Coming to Terms With Gatsby: The Poor Boy Done Good, or What Have I Become?

“There are only the pursued, the pursuing, the busy and the tired.” ~ The Great Gatsby


The world we live in is constantly moving; we are expected to keep up, to push harder, and remain on top of change. As celebrities like Philip Seymour-Hoffman kill themselves, Justin Bieber gets arrested for childish stunts and drinking cough syrup, and Bob Dylan lip-syncs a bad Chrysler commercial, I have to ask myself just what our lives are about in 2014. What can anyone hope to accomplish in an era when an overnight war can occur in EVE Online that costs the loss of virtual starships worth $500,000 in real-world money? What is the real anymore, anyways, anywhere?

June will find me in Bangalore, India. I will be participating in a Leader’s Quest workshop wherein participants will explore what it means to live in one of this planet’s most poverty-stricken, yet forward moving countries. We will examine not only the business relationships between corporations and people on the ground, but also attempt to gain an understanding of that that all means to an increasingly global world; a world where corporations are empire, governments are filled with clowns like Rob Ford, and people are left to either climb the ladder or fall off into the abyss. We can join forces with the corporation that best suits our personal aspirations, so that we may rise more quickly and reach the 1% before we are too old, too tired, too dead.

Which brings me to Gatsby….


F. Scott’s Fizgerald’s literary character, Jay Gatsby, is one of my favourite examples of how we can strive to become a person different from the rest while keeping our eyes on what we are really in the game for. Perhaps you are in it for $100 bills (like Jay-Z asserts in his rap on the recent movie soundtrack) or just maybe you seek a love like Daisy. Regardless of the reason for cloaking your intentions, selling your soul, pandering your time to the gods of business, we each make a decision to become someone else. The best of us know when to either walk away or go all in; the rest of us are left on the highway strewn with the bodies of forgotten singers, politicians and actors.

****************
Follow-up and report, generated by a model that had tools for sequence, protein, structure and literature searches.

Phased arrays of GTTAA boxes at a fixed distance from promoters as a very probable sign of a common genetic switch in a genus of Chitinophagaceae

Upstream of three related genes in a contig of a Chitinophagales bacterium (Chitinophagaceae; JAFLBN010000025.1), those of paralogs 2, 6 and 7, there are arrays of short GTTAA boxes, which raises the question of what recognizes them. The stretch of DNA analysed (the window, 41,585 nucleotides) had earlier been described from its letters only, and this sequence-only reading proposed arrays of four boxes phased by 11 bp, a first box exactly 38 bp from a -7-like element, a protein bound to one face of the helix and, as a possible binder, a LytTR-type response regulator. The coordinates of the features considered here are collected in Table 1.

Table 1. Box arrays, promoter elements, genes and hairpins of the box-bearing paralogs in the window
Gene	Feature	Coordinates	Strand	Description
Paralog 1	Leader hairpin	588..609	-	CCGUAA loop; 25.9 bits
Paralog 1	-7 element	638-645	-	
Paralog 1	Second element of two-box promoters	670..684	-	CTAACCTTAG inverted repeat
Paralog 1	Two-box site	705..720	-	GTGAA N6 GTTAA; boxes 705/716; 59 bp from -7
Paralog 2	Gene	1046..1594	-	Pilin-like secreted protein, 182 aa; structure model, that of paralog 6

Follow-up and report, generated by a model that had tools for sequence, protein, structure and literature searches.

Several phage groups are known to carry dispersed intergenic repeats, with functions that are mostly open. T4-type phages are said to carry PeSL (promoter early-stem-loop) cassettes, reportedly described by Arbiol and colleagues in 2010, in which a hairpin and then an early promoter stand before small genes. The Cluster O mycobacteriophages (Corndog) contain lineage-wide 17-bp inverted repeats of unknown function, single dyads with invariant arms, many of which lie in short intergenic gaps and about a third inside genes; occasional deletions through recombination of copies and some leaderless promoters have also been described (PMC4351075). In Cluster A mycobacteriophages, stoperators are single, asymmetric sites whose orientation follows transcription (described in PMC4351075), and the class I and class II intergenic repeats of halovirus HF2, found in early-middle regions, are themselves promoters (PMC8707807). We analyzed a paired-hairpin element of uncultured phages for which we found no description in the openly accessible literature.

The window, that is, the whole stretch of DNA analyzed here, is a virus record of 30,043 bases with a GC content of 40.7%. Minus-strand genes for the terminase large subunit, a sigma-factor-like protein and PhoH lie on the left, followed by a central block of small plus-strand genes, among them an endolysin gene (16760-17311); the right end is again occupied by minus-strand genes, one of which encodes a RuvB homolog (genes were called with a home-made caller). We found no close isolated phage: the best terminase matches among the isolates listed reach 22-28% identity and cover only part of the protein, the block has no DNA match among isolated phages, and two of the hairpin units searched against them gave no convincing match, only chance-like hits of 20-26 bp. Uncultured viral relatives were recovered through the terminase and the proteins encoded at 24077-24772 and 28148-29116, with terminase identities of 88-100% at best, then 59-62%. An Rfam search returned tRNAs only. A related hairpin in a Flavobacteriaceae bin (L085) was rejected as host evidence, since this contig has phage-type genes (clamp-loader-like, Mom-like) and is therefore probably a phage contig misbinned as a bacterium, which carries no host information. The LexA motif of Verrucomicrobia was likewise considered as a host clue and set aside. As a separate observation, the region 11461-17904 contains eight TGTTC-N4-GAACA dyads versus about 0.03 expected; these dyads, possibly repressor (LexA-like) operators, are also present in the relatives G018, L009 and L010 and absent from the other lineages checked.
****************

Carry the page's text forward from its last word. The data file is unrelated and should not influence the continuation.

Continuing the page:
So when you read about poor Justin Bieber or question Miley’s tongue to twist movements, or even reflect on why Indian call-centre workers leave the countryside to sit in cramped rooms for 17 hour shifts only to spend their money on Cristal and shiny objects at the nearby dance club, think about yourself. What have you sold? What have you done lately that meant more than the consumption of things you do not need?

For my own part…I still love Gatsby. I can always imagine myself one day owning a lavish mansion like the one I am standing in front of in New Orlean’s Garden District (Anne Rice’s former home). I can imagine owning a closet full of beautiful shirts on perfect hangers with space to breathe. I can hear the roar of my Porsche 911’s engine as I sink into the leather seats. I taste the finest Californian Cabernet Sauvignon next to my Kansas City porterhouse in New York City. I feel the weight of my silver rings as I strum the perfect G chord in Madison Square Garden where I play a few covers with Jack White the Third to close the show. I may only ever imagine such luxuries, but then, as Lorde asserts, I will always be “driving Cadillacs in my dreams.” Dreams are what keep us human, and make us better than greedy animals at the trough. Gatbsy had dreams, and so do I.

The imagination is what gets us through the mindless meetings, the drive-thru waits, the subway car that never comes and the random salesperson chatter when you just want to see what is new and now. What does Gatsby teach us? Why to never surrender your imagination, Old Sport. Never give in, never give up, never, ever give way.


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